Implementing the Lessons from Wrongful Convictions: An Empirical Analysis of Eyewitness Identification Reform Strategies

78 Pages Posted: 12 Jan 2016 Last revised: 19 Jul 2016

Keith A. Findley

University of Wisconsin Law School

Date Written: January 11, 2016

Abstract

Learning about the flaws in the criminal justice system that have produced wrongful convictions has progressed at a dramatic pace since the first innocent individuals were exonerated by postconviction DNA testing in 1989. Application of that knowledge to improving the criminal justice system, however, has lagged far behind the growth in knowledge. Likewise, while considerable scholarship has been devoted to identifying the factors that produce wrongful convictions, very little scholarly attention has been devoted to the processes through which knowledge about causes is translated into reform. Using eyewitness misidentification -- one of the leading contributors to wrongful convictions and the most thoroughly and scientifically studied of those contributors -- as the focus, this Article begins to fill that void by empirically analyzing a variety of approaches to eyewitness identification reform that have been attempted. This Article establishes a taxonomy of reform efforts ranging from top-down, command-and-control legislation, to entirely bottom-up, essentially laissez-faire approaches, to a hybrid that builds on emerging notions of democratic experimentalism -- a form of "new governance" -- to foster bottom-up experimentation by imposing obligations on police while giving them the freedom to develop their own locally tailored responses to the problem of eyewitness error. The bulk of the empirical analysis assesses the effects of the bottom-up experimentalist approaches to reform, as a contrast to command-and-control approaches. The analysis draws on previously collected national survey data as well as data from a few individual states, most prominently new data developed for this Article on the attempt to foster bottom-up eyewitness identification reform in Wisconsin. While more research is required before one can draw conclusions about which approach works best, the data suggest that the democratic experimentalist model shows promise for considerable, albeit imperfect, implementation of social-science-based eyewitness identification reforms.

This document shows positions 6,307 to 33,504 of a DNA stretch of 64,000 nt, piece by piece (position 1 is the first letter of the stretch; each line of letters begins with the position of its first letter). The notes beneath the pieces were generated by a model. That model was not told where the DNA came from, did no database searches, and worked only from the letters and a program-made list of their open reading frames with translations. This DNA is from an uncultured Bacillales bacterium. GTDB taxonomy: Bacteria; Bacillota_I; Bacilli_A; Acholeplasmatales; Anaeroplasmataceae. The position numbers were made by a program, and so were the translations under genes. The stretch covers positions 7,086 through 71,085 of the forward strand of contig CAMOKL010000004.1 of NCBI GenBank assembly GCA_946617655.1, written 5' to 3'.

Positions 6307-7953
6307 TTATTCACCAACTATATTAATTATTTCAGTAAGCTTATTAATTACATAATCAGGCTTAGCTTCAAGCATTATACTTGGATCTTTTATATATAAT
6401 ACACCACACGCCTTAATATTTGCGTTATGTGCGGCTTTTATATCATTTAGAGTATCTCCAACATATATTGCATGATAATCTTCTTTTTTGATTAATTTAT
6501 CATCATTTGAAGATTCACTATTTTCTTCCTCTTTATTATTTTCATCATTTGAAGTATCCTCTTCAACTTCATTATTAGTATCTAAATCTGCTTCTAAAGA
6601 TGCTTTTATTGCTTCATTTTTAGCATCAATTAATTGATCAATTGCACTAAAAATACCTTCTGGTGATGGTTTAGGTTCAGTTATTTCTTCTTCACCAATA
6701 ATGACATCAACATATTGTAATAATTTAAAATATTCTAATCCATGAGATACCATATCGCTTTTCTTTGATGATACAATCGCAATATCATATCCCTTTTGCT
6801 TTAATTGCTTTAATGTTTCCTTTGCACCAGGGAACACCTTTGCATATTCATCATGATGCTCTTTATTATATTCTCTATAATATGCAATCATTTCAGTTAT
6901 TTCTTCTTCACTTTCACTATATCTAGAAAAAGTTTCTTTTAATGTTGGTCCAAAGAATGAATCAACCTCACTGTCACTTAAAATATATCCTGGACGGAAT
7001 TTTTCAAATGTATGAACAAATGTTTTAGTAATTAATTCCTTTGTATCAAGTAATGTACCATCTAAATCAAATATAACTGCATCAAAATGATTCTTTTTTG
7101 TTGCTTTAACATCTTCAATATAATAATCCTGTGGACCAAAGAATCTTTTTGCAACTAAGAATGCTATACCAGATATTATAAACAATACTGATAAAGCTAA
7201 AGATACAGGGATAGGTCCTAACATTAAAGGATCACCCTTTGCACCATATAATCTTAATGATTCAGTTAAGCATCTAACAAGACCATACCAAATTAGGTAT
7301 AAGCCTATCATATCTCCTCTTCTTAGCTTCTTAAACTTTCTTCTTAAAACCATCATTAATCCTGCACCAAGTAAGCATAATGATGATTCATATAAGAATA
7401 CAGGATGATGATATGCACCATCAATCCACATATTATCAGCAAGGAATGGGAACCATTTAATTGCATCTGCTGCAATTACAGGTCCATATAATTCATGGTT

Keywords: eyewitness identification, innocence, wrongful conviction, criminal justice reform, democratic experimentalism, new governance, innocence movement, double-blind sequential, policing

JEL Classification: K42

Suggested Citation

Findley, Keith A., Implementing the Lessons from Wrongful Convictions: An Empirical Analysis of Eyewitness Identification Reform Strategies (January 11, 2016). 81 Missouri Law Review 377, 2016; Univ. of Wisconsin Legal Studies Research Paper No. 1372. Available at SSRN: https://ssrn.com/abstract=2713963

Keith A. Findley (Contact Author)

University of Wisconsin Law School ( email )

975 Bascom Mall
Madison, WI 53706
United States
608-262-4763 (Phone)
608-263-3380 (Fax)

HOME PAGE: http://www.law.wisc.edu/facstaff/biog.php?iID=269

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